Space Planning and the Elastic Interior
After more than a year adjusting to working from home, businesses may need to consider changing up their office space as employees transition back.
Setting up an office in the past used to be very simple. Figure out how many employees you have, how many will have cubicles, how many will have private offices, and how many large conference rooms you need to split up the space. But the way we work has changed drastically, so this simple equation doesn’t cut it.
Activities help organizations understand and support the whole spectrum of needs people have as they move through their workday. Consider what types of activities are carried out by your workers and plan space for those tasks. Does everyone need assigned stations or would more collaborative spaces and unassigned stations work best for some of your team?
Your team’s needs are sure to change, so make sure you are measuring this in some way. Technologies like Herman Miller’s Live Platform will allow you see data in real time to see what spaces are being underutilized and where your team will benefit from a change.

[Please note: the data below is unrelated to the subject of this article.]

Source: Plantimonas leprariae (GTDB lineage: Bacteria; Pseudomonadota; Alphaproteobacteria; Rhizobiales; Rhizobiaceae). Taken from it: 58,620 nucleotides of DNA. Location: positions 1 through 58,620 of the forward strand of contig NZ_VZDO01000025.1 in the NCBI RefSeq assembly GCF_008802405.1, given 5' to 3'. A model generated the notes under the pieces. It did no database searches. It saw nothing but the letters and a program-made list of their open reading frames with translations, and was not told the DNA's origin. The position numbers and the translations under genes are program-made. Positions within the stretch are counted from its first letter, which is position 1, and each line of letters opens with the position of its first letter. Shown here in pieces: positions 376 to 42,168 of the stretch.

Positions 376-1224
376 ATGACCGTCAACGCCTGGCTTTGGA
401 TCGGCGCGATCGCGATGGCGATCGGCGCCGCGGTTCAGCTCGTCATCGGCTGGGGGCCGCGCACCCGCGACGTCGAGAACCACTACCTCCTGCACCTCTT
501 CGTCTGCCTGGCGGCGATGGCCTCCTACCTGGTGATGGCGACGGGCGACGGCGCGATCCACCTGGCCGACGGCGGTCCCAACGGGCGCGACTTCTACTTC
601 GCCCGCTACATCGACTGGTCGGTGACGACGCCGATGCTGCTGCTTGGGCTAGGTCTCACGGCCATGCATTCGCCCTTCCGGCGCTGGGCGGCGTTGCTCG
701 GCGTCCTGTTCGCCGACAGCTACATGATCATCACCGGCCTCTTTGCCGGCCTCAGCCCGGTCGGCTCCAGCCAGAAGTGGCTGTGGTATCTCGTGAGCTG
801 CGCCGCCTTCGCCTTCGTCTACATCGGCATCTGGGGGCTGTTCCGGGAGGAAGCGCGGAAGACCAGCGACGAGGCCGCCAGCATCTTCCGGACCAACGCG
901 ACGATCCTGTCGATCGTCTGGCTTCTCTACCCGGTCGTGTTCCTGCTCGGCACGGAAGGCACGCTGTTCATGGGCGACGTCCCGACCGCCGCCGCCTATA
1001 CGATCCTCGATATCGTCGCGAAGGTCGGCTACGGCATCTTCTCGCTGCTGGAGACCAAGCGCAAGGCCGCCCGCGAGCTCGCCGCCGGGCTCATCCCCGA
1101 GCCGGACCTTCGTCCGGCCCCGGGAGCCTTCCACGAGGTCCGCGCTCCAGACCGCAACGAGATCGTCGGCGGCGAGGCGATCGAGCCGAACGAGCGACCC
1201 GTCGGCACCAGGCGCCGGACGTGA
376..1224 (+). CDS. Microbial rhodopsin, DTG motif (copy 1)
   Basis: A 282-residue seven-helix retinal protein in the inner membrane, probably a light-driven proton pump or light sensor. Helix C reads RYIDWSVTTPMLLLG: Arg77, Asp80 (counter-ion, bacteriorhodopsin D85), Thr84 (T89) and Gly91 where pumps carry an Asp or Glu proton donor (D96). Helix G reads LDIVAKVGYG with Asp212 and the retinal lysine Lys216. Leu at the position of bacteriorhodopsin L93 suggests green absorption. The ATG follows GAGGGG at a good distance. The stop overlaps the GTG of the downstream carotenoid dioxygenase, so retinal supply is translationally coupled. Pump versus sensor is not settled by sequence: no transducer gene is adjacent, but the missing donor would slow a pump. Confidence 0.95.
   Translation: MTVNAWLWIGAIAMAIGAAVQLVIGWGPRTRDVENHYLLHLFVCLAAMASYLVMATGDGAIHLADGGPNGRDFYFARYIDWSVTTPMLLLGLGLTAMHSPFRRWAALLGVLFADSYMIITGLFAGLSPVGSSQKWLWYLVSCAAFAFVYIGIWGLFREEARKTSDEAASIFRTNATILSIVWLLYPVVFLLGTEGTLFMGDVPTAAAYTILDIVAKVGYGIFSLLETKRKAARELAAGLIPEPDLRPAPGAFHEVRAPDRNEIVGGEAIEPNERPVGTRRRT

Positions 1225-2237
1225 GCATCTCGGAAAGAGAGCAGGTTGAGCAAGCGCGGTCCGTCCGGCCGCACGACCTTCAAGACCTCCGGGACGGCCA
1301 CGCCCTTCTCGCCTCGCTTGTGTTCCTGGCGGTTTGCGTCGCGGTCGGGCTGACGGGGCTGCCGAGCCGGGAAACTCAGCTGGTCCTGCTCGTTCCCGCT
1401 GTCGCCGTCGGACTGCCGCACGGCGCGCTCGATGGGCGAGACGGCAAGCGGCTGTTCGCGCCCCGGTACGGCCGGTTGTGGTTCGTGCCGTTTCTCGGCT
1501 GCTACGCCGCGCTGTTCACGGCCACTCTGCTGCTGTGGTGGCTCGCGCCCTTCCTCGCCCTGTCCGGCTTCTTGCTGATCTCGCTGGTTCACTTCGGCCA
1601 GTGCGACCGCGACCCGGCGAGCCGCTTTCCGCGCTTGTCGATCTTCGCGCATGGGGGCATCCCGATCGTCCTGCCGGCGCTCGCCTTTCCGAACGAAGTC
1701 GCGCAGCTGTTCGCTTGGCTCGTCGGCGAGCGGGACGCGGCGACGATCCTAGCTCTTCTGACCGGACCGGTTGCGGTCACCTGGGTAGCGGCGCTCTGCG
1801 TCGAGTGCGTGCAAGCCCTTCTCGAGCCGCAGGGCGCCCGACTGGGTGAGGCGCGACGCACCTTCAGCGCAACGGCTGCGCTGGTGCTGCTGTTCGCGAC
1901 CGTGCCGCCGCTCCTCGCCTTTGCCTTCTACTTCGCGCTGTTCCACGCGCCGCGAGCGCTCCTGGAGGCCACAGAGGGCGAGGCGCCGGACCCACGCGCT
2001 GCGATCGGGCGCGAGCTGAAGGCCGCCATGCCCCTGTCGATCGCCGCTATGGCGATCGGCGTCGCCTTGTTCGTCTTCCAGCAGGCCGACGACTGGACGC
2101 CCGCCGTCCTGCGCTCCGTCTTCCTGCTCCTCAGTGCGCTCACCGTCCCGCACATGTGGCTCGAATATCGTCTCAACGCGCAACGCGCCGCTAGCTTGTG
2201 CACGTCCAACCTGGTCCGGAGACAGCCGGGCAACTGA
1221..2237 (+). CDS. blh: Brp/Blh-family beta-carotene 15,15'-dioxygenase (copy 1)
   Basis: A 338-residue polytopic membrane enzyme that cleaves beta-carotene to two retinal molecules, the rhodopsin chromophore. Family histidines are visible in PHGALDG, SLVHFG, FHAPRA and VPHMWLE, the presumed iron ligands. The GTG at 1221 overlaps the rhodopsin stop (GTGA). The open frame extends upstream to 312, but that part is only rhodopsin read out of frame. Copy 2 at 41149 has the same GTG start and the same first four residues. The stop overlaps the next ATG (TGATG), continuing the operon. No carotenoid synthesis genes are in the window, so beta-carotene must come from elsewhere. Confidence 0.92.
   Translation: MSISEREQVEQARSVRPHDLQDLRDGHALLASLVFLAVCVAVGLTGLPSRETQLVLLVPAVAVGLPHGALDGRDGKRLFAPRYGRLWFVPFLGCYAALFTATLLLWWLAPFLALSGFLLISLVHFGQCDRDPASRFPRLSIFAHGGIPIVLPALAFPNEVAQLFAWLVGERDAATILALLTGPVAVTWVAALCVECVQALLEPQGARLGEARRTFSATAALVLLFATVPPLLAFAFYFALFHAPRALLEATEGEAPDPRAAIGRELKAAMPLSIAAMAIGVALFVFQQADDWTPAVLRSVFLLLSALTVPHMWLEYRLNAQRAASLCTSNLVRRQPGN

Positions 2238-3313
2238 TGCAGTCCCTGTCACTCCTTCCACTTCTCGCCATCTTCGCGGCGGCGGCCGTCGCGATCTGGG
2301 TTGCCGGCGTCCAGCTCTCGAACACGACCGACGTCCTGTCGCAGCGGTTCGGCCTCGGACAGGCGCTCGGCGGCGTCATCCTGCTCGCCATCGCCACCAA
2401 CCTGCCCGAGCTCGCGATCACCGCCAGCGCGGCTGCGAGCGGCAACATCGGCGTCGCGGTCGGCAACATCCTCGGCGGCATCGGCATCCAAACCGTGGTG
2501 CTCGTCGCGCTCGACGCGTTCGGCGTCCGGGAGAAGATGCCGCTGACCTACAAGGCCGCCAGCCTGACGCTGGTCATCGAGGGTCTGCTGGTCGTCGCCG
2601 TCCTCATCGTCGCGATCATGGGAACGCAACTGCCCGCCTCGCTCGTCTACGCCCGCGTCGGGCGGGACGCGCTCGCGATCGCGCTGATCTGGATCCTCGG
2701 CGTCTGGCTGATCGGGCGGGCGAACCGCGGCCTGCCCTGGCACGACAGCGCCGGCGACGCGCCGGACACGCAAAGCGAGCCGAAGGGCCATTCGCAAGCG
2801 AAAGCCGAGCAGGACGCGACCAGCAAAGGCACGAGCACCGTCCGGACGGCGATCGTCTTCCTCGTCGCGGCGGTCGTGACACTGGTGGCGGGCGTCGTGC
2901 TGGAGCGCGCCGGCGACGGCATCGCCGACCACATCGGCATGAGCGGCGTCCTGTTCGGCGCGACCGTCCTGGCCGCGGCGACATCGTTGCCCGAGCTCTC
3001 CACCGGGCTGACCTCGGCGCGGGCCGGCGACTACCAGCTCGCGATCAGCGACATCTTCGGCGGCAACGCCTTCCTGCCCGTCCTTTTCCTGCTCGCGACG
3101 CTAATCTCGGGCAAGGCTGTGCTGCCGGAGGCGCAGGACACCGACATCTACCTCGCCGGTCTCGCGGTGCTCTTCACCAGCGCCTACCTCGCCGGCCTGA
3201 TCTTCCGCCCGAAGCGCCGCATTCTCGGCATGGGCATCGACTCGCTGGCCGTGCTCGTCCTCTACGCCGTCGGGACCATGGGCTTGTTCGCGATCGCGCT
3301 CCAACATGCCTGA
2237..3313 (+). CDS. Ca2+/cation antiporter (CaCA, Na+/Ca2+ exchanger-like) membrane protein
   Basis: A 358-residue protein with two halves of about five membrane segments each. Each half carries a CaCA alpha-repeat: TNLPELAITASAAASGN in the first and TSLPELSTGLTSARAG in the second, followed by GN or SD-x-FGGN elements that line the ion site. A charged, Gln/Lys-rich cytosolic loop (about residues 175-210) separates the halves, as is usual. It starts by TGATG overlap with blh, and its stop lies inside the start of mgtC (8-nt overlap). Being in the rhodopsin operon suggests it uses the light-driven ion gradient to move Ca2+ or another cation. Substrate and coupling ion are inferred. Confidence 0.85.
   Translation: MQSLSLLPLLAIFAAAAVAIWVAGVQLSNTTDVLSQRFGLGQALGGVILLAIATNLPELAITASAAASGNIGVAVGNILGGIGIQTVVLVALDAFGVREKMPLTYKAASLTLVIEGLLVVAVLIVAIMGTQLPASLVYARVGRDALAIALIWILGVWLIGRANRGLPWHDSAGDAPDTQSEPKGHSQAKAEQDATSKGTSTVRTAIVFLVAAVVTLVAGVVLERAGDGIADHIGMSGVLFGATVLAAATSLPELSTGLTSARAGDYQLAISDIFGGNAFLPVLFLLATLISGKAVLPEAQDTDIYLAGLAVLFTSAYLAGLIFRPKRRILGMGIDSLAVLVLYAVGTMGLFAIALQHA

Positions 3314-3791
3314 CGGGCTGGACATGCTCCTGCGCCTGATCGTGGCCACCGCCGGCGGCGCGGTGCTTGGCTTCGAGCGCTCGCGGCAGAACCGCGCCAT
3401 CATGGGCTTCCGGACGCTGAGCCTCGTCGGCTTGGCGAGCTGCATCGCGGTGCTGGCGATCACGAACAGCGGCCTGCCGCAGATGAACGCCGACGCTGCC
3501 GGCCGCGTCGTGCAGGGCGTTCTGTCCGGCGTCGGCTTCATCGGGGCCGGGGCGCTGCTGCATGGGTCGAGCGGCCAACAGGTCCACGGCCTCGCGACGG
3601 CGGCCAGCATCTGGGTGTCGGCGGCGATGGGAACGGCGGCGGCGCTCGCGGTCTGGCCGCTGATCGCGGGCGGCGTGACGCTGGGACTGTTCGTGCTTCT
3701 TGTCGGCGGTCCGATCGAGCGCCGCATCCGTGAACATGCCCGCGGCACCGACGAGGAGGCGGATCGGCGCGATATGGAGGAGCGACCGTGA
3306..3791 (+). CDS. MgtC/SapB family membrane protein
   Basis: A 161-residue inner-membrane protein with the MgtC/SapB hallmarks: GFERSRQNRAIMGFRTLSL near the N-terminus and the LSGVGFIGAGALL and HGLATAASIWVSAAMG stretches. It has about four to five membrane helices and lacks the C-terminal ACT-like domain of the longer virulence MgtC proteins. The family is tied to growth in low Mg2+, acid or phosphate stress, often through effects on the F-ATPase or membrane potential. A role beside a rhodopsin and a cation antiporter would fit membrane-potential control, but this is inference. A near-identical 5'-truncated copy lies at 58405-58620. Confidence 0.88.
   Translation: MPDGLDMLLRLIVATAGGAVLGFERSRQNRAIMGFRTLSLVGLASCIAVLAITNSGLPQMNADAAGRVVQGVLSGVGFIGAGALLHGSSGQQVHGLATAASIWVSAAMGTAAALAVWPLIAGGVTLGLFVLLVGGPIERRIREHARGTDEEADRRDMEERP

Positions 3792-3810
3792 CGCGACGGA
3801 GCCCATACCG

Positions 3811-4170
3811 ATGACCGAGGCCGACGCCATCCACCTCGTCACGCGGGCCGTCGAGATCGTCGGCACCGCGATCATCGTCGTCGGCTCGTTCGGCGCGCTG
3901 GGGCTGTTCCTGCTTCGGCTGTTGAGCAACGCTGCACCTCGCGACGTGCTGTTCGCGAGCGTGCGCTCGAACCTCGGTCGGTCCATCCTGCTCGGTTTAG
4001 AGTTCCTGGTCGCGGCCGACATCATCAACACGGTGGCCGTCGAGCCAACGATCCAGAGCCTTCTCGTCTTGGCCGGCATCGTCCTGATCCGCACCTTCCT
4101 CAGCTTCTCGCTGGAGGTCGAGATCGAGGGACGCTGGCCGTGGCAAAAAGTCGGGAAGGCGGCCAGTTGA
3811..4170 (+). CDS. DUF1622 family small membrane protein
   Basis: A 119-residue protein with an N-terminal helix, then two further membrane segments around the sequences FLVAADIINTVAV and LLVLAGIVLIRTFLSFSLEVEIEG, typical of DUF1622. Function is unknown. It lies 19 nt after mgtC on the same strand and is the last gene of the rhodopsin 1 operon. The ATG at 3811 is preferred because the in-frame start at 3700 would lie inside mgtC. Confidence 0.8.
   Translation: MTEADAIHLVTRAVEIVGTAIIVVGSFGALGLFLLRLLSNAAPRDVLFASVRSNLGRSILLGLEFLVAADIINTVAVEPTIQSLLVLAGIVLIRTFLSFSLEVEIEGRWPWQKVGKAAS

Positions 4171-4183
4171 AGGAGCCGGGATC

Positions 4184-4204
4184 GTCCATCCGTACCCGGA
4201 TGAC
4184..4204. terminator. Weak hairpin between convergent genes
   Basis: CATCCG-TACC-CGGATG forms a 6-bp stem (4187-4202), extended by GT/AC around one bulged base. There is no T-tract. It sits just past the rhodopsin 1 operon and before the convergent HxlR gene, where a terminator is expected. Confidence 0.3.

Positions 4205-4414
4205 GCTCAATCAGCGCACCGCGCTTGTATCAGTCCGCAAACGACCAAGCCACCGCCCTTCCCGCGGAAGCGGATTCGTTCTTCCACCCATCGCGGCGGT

Each organization is different. The office space can act as a powerful instrument to express an organization's unique culture and progress its unique ambitions. The design and management of the office has to begin with a careful consideration of people and their work. There is no one-size-fits-all, off-the-shelf solution for an optimal workplace. A successful office is one that connects people to their work and to each other.